Swiftor: Up until 2013, my expectation was that I’d generally have a normalish day job. And I was really fortunate to work for OMGPOP. OMGPOP got acquired by Zynga, and because of that, when Zynga closed down our NYC office, I had the opportunity to give making content a shot full-time. I wasn’t sure how that was going to work out, but I wanted to give it my absolutely best effort. I was tremendously lucky and excited that fans and the community watched and supported it what I did to a degree where I could do it for a living. There’s nothing more motivating than having people truly love what you do.
Tubefilter: What’s your production schedule like? Do you have a set filming and uploading schedule?
Swiftor: Most of my content is recorded live on Twitch during the evenings, and then edited the next morning for YouTube. I like to think of my live stream as my behind-the-scenes recording session, and the YouTube upload the finished cinematic release.
Tubefilter: Have you ever experienced creator burnout?
Swiftor: Absolutely. I’d be surprised if anyone in this arena hasn’t. It’s generally not from the content creation itself — I love what I do. Even when I go on “vacation,” I quickly get the feeling that I want to go back home and get back to cranking out fun videos. It’s only when it feels like I don’t have enough variety that I get the burnout vibes.
What I’ve found has worked best for me is to occasionally try something completely different to keep things interesting — maybe a different game genre, or a maybe a cooking video. That generally keeps me in pretty good shape, and sometimes I get surprised with an outstanding community response!
Tubefilter: You mentioned Fullscreen is your network. Do you have any other folks working with you behind the scenes? An editor or assistant? What about a manager?
Swiftor: For the most part, I’m a one man show. And a smarter me would probably hire a full-time editor, thumbnail artist, and even an assistant. But it’s hard for me to let go of the way I like things done. I also have a very large of team of volunteer moderators who help make a lot of the game-organizing logistics work. Getting lots of people into a game and organized isn’t always easy.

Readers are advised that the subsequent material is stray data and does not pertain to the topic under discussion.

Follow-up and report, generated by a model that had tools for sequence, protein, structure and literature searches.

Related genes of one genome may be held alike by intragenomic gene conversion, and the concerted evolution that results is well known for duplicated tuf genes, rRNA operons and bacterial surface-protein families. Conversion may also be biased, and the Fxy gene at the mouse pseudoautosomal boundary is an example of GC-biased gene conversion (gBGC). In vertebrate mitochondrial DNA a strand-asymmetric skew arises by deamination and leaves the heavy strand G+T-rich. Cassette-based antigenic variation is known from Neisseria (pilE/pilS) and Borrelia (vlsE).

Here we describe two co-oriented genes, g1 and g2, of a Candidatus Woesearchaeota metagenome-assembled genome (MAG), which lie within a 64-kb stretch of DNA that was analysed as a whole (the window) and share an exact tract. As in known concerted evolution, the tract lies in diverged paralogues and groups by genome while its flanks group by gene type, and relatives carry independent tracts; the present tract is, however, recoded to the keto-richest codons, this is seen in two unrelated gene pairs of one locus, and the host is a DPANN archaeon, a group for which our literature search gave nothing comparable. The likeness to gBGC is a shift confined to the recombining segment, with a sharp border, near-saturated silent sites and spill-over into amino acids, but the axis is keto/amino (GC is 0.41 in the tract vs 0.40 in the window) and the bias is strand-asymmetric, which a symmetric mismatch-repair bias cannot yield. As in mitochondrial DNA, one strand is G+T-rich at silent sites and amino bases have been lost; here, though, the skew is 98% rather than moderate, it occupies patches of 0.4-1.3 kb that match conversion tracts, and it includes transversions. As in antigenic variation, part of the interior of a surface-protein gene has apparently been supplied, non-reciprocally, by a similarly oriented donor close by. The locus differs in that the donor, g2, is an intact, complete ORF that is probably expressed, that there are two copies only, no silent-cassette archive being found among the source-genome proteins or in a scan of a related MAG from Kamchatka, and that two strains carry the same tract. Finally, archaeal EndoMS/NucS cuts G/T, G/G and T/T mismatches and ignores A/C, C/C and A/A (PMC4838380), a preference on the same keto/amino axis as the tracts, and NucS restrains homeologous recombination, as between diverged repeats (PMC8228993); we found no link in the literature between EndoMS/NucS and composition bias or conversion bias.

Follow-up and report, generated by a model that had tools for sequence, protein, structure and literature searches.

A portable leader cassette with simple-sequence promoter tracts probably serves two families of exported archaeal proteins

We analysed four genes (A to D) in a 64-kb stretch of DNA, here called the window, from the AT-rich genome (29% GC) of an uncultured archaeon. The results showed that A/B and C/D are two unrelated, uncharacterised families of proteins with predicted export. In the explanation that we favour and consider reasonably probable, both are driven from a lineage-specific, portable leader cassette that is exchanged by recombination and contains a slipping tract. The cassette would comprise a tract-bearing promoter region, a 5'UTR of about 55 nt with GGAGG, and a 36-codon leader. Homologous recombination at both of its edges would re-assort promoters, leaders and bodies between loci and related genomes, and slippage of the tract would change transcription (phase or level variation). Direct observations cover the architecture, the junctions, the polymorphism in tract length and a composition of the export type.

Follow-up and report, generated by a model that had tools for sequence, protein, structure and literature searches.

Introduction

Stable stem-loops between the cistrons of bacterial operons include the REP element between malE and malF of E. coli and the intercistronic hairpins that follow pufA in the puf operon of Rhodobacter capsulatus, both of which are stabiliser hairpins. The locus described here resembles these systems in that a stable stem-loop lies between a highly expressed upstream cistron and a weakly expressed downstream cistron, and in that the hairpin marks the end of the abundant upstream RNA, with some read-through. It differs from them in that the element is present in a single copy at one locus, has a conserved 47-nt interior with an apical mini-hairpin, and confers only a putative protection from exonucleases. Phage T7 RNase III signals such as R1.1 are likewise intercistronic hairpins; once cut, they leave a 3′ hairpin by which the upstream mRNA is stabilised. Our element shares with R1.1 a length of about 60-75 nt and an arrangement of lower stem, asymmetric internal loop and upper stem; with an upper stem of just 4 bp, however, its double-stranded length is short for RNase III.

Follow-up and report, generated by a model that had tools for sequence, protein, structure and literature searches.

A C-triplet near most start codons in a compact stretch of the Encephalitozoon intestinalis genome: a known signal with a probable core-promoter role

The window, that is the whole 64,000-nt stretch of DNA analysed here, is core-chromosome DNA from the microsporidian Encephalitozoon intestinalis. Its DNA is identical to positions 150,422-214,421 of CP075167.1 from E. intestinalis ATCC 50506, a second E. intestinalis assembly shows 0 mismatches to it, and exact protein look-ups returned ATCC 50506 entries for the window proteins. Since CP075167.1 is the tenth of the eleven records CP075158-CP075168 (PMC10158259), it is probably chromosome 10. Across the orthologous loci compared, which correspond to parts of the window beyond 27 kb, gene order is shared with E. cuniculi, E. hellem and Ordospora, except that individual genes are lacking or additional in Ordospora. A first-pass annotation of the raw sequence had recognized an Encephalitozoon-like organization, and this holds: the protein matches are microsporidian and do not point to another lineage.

One very fortunate recent development, though, is that my fiance Candy has jumped into the video editor role. She manages her own architecture projects, but being the wonderful woman she is, she has experimented editing a few videos a week for me, which is a tremendous help. And with us living together, it’s easy to just swing by her desk and discuss different approaches. We’ll see how long I can retain her as a team member, since it seems fans like her edits better than my own, haha.
Tubefilter: What do you think is the most vital skill you possess as a creator?
Swiftor: I think every successful creator has superpowers and talents they apply to their content to help them excel. For me, I think it’s my ability to organize people and community members. Practically all my content revolves around my community and doing cool things together — and we’ve done some great things!
Tubefilter: What’s next for you and your channel? What are you building toward?
Swiftor: I’m really excited for augmented reality (AR) to have bigger roles in our lives and in gaming — and I want to be a part of that as a content creator. The idea that glasses can add an overlay to the world we’re looking at will change a lot — in games and otherwise. I think phenomenons like we’ve seen in the past with Pokémon GO will emerge again with gaming outside our homes. Imagine a game where you’re in Central Park with others fighting a giant robot. You’ll actually be in Central Park, and the robot will be something everyone sees through their glasses. Anyway, my mind is just nerding out now. It’ll take a while for AR to get there, but it will, and I’m working hard to make sure I’m ready to take that content and share it with the world.
Swiftor is a Fullscreen client.